The Decepticons, as most everyone knows, are a race of robotic despots from the planet Cybertron. Though their origins have varied across different media and iterations of the Transformers series, they are usually depicted as the eternal enemies of the Autobots, heroic robots that share the Decepticons' ability to transform into vehicles such as cars, planes, tanks, and other forms. <p>Lead by Megatron, the Decepticons roam the galaxy clashing with the Autobots and searching for Energon, an exotic power source. Most everyone recognizes characters such as Megatron, Starscream, Soundwave, and Shockwave from the myriad cartoons, films, and of course toys that have permeated pop culture since the early '80's, but less well known is that the Transformers comics, originally published by Marvel Comics for 80 issues, thrived overseas long after the end of the American comic, with the UK version running for 332 issues.
Though they are significantly different in the wildly popular re-imagining of <i>Battlestar Galactica</i>, the Cylons were originally an empire of robots built by a reptilian species, also called Cylons, who were destroyed by their bloodthirsty creations centuries before the series began. <p>Though there were numerous types of Cylons in the original <i>Battlestar Galactica</i>, the most iconic of these were the Centurious, the footsoldiers of the Cylons whose crested heads with dancing red lights are instantly recognizable. (Updated versions also appeared on the recent series.) According to the comic books published by Maximum Press years after the show ended, the Cylons were transformed into robots by making a pact with a cosmic, demonic entity.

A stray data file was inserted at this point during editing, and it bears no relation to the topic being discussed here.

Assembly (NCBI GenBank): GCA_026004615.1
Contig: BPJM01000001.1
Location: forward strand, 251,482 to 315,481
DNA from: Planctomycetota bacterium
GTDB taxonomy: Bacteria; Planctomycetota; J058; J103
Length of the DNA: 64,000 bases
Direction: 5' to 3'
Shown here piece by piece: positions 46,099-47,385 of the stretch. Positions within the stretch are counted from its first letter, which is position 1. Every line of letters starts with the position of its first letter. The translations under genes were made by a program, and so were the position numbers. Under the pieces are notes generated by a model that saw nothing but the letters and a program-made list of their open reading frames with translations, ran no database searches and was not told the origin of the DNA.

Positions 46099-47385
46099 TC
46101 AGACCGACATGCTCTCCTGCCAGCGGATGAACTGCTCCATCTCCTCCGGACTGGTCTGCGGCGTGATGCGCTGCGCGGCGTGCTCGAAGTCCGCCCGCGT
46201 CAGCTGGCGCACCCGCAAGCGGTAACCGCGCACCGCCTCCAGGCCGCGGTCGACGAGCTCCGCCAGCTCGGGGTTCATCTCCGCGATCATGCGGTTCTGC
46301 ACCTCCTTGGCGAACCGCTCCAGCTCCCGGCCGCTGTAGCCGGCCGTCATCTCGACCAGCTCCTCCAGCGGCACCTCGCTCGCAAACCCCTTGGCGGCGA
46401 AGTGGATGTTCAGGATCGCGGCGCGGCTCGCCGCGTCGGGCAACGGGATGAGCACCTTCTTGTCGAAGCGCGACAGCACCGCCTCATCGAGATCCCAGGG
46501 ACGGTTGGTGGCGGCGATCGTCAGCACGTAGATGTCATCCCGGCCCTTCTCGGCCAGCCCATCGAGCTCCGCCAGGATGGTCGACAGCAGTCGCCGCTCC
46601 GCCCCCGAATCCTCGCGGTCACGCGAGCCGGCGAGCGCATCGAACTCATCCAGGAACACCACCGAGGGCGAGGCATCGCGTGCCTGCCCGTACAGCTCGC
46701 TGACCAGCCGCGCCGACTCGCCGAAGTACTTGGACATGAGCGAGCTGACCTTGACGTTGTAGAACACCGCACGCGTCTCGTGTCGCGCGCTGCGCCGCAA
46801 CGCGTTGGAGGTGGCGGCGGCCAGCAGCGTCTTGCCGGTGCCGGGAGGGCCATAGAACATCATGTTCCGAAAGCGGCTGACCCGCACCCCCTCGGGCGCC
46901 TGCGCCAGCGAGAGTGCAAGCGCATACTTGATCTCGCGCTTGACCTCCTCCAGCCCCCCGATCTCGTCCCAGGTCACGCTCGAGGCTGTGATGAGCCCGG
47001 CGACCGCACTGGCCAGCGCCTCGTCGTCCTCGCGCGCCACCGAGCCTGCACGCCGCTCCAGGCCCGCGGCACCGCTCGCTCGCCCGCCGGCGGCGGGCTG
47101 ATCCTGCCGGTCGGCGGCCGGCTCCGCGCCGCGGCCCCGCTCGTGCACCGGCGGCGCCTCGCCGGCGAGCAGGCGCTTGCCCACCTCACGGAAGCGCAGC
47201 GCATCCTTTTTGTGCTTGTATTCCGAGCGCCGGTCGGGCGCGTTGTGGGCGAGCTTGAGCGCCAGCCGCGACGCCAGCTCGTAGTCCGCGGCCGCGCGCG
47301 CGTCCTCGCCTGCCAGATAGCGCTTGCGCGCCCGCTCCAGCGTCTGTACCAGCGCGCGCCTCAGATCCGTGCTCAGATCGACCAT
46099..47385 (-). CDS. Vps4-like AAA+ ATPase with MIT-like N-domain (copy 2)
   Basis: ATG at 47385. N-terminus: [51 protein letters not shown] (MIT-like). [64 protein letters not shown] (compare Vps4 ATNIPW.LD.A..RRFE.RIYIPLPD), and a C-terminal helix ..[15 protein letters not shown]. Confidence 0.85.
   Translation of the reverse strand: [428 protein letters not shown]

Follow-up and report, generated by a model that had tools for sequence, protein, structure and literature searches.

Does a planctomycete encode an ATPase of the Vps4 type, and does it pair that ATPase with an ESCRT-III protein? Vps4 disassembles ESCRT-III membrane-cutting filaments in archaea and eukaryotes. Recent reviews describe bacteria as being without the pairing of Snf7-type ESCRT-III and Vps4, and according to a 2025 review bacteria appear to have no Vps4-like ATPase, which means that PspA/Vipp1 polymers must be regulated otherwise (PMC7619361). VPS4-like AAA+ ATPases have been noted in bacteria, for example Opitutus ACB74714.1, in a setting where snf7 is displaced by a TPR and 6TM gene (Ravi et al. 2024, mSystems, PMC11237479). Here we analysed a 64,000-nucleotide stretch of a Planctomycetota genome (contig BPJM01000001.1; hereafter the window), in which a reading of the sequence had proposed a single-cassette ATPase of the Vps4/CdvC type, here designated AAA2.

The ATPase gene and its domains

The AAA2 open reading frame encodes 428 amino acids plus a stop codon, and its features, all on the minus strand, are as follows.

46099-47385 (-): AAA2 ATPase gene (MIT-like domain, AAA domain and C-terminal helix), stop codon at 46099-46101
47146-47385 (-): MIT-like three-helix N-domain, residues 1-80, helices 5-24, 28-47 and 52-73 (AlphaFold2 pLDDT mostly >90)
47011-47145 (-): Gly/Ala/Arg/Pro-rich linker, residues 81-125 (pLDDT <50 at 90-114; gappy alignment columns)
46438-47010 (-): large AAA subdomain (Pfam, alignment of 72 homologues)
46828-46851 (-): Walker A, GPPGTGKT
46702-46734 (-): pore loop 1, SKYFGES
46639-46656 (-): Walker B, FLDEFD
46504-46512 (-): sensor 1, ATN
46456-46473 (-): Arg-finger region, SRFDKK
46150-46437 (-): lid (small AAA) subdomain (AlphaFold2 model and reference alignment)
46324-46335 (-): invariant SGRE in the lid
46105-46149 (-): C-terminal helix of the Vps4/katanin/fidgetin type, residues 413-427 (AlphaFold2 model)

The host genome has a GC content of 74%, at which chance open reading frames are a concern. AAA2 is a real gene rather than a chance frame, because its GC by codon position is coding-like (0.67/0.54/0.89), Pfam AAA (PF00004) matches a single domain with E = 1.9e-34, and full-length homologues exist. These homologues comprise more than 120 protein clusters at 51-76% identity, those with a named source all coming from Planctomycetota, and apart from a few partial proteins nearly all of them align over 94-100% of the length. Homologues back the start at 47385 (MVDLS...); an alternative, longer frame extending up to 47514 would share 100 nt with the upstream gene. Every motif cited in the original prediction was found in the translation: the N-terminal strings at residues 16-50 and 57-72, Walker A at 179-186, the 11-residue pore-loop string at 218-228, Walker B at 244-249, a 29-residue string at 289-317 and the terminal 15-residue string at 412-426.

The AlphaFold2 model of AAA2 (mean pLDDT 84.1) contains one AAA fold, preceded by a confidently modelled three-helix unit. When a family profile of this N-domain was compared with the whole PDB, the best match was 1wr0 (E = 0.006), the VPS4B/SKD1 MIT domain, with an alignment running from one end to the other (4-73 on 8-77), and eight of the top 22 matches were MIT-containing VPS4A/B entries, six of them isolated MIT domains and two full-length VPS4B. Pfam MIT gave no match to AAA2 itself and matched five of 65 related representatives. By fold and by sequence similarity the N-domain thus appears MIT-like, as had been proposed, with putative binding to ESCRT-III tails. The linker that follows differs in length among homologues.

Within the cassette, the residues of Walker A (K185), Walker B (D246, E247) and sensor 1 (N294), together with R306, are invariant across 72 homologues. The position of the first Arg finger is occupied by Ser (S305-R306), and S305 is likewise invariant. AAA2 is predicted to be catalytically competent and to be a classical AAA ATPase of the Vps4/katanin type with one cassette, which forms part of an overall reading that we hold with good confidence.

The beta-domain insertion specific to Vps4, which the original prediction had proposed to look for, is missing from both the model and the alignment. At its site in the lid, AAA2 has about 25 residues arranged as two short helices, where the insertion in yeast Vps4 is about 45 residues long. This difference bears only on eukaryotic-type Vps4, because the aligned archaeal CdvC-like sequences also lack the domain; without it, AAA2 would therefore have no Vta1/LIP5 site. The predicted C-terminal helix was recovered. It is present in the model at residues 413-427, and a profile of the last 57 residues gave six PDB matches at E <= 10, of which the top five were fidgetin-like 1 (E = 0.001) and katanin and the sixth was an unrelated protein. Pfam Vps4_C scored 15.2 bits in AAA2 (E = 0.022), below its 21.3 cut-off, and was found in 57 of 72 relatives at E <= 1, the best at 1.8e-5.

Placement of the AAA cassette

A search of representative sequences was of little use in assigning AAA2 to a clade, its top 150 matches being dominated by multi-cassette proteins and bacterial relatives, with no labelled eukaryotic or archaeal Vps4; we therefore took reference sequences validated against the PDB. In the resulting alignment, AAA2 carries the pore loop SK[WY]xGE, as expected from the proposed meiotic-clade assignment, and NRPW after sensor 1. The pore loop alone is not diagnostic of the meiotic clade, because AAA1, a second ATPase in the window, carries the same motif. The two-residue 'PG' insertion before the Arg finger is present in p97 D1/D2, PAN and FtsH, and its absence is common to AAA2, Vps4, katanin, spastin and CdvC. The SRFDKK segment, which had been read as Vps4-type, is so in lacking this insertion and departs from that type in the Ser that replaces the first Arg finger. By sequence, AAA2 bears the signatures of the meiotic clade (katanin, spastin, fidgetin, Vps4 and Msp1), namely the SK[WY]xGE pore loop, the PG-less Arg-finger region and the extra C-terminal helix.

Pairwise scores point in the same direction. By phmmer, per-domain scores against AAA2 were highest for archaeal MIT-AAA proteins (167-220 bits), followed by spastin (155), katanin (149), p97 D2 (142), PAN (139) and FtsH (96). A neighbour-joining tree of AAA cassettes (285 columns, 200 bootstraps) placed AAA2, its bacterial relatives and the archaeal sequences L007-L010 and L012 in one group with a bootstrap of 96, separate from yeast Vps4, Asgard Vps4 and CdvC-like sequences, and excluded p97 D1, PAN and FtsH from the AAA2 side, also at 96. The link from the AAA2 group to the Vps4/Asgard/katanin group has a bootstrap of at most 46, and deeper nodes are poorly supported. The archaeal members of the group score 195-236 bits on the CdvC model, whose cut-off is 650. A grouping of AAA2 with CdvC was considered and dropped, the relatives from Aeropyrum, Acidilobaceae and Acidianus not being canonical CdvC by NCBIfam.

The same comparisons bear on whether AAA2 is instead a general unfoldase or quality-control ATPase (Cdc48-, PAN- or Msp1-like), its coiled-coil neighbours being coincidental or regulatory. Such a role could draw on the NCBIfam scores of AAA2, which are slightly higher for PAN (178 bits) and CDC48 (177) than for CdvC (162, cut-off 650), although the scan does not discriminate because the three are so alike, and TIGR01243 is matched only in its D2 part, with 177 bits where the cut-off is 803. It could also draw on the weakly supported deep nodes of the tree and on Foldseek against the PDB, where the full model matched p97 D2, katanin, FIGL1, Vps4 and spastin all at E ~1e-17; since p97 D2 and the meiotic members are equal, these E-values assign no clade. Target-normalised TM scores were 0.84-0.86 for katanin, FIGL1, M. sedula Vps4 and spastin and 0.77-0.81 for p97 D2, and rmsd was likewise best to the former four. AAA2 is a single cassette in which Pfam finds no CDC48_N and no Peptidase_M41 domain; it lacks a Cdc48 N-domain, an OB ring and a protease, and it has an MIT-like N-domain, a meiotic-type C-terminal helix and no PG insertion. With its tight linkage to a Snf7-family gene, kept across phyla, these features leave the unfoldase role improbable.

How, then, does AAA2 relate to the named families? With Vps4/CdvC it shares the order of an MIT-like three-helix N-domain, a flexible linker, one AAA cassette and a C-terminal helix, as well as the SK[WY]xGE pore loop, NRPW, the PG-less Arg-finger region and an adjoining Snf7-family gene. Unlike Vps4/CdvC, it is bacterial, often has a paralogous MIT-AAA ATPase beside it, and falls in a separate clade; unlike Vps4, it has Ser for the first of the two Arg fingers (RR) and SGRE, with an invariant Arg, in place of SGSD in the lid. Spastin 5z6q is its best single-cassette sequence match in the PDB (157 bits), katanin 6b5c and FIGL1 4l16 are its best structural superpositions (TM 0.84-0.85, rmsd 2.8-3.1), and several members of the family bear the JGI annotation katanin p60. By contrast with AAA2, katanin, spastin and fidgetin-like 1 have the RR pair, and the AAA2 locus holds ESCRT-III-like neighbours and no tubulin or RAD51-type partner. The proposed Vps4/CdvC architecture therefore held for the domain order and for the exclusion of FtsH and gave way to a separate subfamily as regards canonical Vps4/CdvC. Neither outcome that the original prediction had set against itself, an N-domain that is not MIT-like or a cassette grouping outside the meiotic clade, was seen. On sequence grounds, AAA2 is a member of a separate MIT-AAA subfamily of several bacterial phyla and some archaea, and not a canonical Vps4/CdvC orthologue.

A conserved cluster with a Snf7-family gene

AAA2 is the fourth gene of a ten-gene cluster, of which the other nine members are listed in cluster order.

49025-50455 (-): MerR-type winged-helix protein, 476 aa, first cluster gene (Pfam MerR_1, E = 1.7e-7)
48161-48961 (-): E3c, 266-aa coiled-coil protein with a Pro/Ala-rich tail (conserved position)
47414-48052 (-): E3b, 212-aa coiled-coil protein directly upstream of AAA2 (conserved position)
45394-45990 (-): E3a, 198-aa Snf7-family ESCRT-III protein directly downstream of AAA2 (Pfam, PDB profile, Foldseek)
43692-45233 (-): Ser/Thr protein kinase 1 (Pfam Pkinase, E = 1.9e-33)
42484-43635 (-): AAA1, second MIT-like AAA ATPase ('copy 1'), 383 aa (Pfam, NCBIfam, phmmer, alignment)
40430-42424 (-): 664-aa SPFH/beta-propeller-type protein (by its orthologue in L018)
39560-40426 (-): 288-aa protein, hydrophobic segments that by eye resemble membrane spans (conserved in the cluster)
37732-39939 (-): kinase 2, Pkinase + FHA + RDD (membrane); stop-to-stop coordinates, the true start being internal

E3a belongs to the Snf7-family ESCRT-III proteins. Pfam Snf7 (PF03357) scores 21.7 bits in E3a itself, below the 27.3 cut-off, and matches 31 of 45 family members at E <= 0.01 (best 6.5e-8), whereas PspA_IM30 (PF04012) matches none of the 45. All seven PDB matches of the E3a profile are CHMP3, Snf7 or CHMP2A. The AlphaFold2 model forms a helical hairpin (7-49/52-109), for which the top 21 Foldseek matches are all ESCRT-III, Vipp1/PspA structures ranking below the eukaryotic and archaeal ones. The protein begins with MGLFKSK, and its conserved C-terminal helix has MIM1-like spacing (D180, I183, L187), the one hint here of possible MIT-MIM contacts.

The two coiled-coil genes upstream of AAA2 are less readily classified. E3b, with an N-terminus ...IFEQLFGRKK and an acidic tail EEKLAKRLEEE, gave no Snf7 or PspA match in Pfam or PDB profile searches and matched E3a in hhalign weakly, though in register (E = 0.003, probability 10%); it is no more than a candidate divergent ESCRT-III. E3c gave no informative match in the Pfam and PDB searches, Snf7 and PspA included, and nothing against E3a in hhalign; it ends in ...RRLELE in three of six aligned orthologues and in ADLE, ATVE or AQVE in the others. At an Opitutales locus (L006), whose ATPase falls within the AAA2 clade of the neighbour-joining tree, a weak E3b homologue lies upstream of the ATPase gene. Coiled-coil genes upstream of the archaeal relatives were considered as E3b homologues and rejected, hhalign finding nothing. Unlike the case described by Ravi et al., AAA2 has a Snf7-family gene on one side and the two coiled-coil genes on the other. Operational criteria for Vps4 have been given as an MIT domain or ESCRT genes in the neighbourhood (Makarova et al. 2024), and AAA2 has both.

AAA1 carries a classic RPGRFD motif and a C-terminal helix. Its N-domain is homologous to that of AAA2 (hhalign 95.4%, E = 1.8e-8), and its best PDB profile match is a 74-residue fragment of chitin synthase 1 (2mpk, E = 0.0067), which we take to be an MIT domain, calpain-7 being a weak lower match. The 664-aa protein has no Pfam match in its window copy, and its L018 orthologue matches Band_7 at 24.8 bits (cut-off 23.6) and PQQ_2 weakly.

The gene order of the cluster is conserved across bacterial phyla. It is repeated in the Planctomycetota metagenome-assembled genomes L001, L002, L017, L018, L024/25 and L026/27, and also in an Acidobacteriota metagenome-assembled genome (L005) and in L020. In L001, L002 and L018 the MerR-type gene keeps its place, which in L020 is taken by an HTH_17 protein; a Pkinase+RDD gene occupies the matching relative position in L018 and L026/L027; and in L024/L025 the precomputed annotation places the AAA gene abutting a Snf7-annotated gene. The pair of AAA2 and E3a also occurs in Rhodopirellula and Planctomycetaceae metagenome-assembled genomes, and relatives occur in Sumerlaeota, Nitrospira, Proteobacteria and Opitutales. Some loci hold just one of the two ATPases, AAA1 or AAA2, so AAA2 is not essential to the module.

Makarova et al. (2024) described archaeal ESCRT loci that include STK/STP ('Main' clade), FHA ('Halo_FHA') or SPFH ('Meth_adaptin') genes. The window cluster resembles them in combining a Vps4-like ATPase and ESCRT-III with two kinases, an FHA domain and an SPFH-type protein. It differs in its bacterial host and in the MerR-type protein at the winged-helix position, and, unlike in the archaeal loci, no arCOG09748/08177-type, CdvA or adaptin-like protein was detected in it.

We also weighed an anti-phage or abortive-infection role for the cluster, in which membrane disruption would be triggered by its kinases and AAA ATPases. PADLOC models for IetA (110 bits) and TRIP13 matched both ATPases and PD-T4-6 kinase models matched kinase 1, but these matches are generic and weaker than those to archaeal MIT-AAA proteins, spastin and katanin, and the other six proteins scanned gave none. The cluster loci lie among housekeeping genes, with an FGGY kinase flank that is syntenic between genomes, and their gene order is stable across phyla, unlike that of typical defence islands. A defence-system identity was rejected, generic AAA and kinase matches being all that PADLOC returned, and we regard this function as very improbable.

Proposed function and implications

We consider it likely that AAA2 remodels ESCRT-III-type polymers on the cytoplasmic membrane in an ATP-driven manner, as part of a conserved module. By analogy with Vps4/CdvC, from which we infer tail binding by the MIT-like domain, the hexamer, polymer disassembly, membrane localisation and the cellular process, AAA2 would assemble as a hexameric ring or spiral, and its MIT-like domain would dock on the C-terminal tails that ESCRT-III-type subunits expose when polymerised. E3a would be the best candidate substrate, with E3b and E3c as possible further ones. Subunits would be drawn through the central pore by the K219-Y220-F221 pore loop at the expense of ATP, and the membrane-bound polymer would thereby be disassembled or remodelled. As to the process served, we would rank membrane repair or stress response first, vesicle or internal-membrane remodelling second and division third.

The Terminators are a series of robots built for war, and sent back in time to kill or protect people who will influence the future from which they have traveled. First appearing in 1984's <i>The Terminator</i>, the T-800 was a Terminator originally sent back in time to kill Sarah Connor, though he later returned in box office smash <i>Terminator 2: Judgment Day</i> to protect her and her son John Connor from the more advanced and villainous T-1000. <p>The Terminators have appeared in several other film sequels, as well as a short-lived television show, and also branched into comics where Terminators, primarily the T-800, have faced off against and teamed up with other Sci-Fi icons like the Predators, the Xenomorph Aliens, and Robocop.
Amazo is an android (or series of androids) built by the villainous Professor Ivo to challenge the Justice League. Appearing just two issues after the JLA made their debut, Amazo is one of the team's earliest and most deadly foes. <p>Designed with the awesome ability to steal and replicate the powers of his enemies, Amazo has menaced the JLA in various incarnations for over 50 years. Most recently, he has appeared again fighting the Justice League in DC's New 52, this time with his origin closely tied to that of Justice League member Cyborg.